Citation

"Survival of the Fittest?": How History Courses Can Debate this Idea Through Dr. King's Leadership

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Abstract:

The celebration of diversity is not welcome in the “Survival of the Fittest.”

This workshop, "Survival of the Fittest?": How History Courses Can Debate this Idea Through Dr. King's Leadership, will help reinvestigate academically appropriate ways in the Western Tradition as they relate to the presentation of leadership values, "natural" values, and changing definitions of "equality." I will share some actual lesson ideas that provide faculty and students with an appropriate vehicle to incorporate a modern Western vision of leadership on non-violence through Dr. King, followed with an acknowledgement of the influence of Gandhi on Dr. King's vision. Together, we will explore how students can react, and strategies for how to open up a dialogue on new understandings of power, leadership, and strategies that are based on concepts of "brotherhood" and "sisterhood" and not fragmented and separate societies.

Some students are in the "bigger is better" mode - big money, big houses, expensive cars, expensive clothes, and an expensive, status world. When I ask students whether King's vision of leadership would be considered "fit" in the Social Darwinian sense, or if the definition of leadership should change to incorporate more of a Kingian construct, there is sometimes complete silence. King's and Gandhi's examples are powerful opposites that require students to stop and re-examine their values, and this process can indeed be quite powerful.

By highlighting the historical accomplishments, speeches, and actions of Gandhi and King, we can look at how having a different leadership view might have changed historical outcomes.

Author's Keywords:

Dr. Martin Luther King, Jr., Non-Violence, Gandhi, Darwin, Spencer, Survival of the Fittest, Racism, Power, Leadership
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Association:
Name: 93rd Annual Convention
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http://www.asalh.org


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URL: http://citation.allacademic.com/meta/p273460_index.html
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MLA Citation:

Kozel, Sue. ""Survival of the Fittest?": How History Courses Can Debate this Idea Through Dr. King's Leadership" Paper presented at the annual meeting of the 93rd Annual Convention, Sheraton Birmingham, Birmingham, Alabama, Oct 01, 2008 <Not Available>. 2014-11-30 <http://citation.allacademic.com/meta/p273460_index.html>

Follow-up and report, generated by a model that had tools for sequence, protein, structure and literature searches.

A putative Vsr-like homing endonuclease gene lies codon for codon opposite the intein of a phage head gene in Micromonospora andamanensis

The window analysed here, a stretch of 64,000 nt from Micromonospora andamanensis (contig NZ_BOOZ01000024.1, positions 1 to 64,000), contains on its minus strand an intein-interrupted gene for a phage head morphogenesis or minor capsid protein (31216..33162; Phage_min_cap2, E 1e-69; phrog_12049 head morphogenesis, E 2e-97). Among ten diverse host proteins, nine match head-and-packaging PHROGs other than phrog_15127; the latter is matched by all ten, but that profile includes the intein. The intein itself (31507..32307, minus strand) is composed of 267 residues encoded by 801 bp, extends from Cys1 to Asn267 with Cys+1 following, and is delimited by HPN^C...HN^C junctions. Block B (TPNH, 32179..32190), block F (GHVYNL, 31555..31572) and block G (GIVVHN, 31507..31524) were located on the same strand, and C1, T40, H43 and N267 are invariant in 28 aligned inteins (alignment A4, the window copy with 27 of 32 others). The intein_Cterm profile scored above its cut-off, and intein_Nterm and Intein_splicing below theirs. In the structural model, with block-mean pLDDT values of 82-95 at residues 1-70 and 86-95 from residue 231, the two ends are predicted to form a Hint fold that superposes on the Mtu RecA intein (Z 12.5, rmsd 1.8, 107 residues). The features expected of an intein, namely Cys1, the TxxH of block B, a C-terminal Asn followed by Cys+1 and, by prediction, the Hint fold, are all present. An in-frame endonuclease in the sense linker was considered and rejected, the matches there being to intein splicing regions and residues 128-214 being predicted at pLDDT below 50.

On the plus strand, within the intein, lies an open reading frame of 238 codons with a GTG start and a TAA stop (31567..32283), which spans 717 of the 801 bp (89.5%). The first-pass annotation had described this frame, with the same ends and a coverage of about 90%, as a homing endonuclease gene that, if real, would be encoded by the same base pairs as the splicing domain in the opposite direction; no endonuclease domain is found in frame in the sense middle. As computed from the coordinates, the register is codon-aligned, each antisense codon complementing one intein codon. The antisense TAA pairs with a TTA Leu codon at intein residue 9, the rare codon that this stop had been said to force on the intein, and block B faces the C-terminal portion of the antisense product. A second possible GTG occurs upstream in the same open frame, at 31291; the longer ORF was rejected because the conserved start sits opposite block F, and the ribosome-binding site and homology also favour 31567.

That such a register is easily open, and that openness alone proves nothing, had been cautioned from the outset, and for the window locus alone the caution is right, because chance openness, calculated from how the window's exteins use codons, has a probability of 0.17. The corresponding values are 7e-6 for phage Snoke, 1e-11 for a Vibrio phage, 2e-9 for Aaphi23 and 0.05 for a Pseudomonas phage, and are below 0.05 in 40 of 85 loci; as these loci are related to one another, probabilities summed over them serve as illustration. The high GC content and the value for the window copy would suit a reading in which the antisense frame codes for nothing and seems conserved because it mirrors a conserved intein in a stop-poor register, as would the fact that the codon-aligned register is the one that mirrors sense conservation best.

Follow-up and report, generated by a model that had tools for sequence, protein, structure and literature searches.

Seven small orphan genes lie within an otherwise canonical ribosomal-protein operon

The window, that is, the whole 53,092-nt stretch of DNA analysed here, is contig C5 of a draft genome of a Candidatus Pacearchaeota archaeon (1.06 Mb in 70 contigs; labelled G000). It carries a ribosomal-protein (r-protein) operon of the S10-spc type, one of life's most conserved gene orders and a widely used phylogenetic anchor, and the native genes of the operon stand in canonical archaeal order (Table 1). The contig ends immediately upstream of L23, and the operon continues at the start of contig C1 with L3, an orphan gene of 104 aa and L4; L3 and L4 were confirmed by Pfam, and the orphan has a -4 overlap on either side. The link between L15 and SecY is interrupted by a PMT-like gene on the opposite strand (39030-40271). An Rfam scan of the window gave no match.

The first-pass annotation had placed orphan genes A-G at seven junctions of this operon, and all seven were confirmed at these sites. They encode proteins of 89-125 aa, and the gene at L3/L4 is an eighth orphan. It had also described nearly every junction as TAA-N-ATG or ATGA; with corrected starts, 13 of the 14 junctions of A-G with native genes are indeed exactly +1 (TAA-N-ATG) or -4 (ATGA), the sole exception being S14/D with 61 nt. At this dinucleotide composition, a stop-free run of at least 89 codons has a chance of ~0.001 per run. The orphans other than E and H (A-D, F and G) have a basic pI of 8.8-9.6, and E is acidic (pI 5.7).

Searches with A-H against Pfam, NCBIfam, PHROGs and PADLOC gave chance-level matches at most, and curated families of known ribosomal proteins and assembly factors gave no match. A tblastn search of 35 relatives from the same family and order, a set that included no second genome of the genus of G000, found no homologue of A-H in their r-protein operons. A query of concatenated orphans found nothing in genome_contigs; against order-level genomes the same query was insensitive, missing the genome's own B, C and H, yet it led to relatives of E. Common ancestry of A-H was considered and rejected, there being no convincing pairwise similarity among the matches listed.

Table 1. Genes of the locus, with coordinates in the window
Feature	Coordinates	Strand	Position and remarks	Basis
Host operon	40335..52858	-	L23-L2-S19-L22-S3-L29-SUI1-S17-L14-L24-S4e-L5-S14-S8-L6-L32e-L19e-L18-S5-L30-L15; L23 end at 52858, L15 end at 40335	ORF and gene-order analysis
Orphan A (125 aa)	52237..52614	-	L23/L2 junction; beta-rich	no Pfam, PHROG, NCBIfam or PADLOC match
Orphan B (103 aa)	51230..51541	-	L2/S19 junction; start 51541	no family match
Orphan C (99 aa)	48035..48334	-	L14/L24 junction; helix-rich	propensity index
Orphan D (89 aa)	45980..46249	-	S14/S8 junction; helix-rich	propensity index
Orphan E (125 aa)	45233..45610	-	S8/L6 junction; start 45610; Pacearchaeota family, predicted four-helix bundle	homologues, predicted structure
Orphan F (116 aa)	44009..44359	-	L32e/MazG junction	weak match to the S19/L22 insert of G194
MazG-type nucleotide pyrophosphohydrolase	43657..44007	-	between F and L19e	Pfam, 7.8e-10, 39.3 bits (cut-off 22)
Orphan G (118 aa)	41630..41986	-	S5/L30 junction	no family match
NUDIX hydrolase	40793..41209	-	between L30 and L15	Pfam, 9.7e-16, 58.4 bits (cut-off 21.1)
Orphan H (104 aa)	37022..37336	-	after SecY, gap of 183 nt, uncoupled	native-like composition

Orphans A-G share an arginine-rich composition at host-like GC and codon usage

APA Citation:

Kozel, S. , 2008-10-01 ""Survival of the Fittest?": How History Courses Can Debate this Idea Through Dr. King's Leadership" Paper presented at the annual meeting of the 93rd Annual Convention, Sheraton Birmingham, Birmingham, Alabama <Not Available>. 2014-11-30 from http://citation.allacademic.com/meta/p273460_index.html

Publication Type: Individual Paper
Abstract: The celebration of diversity is not welcome in the “Survival of the Fittest.”

This workshop, "Survival of the Fittest?": How History Courses Can Debate this Idea Through Dr. King's Leadership, will help reinvestigate academically appropriate ways in the Western Tradition as they relate to the presentation of leadership values, "natural" values, and changing definitions of "equality." I will share some actual lesson ideas that provide faculty and students with an appropriate vehicle to incorporate a modern Western vision of leadership on non-violence through Dr. King, followed with an acknowledgement of the influence of Gandhi on Dr. King's vision. Together, we will explore how students can react, and strategies for how to open up a dialogue on new understandings of power, leadership, and strategies that are based on concepts of "brotherhood" and "sisterhood" and not fragmented and separate societies.

Some students are in the "bigger is better" mode - big money, big houses, expensive cars, expensive clothes, and an expensive, status world. When I ask students whether King's vision of leadership would be considered "fit" in the Social Darwinian sense, or if the definition of leadership should change to incorporate more of a Kingian construct, there is sometimes complete silence. King's and Gandhi's examples are powerful opposites that require students to stop and re-examine their values, and this process can indeed be quite powerful.

By highlighting the historical accomplishments, speeches, and actions of Gandhi and King, we can look at how having a different leadership view might have changed historical outcomes.


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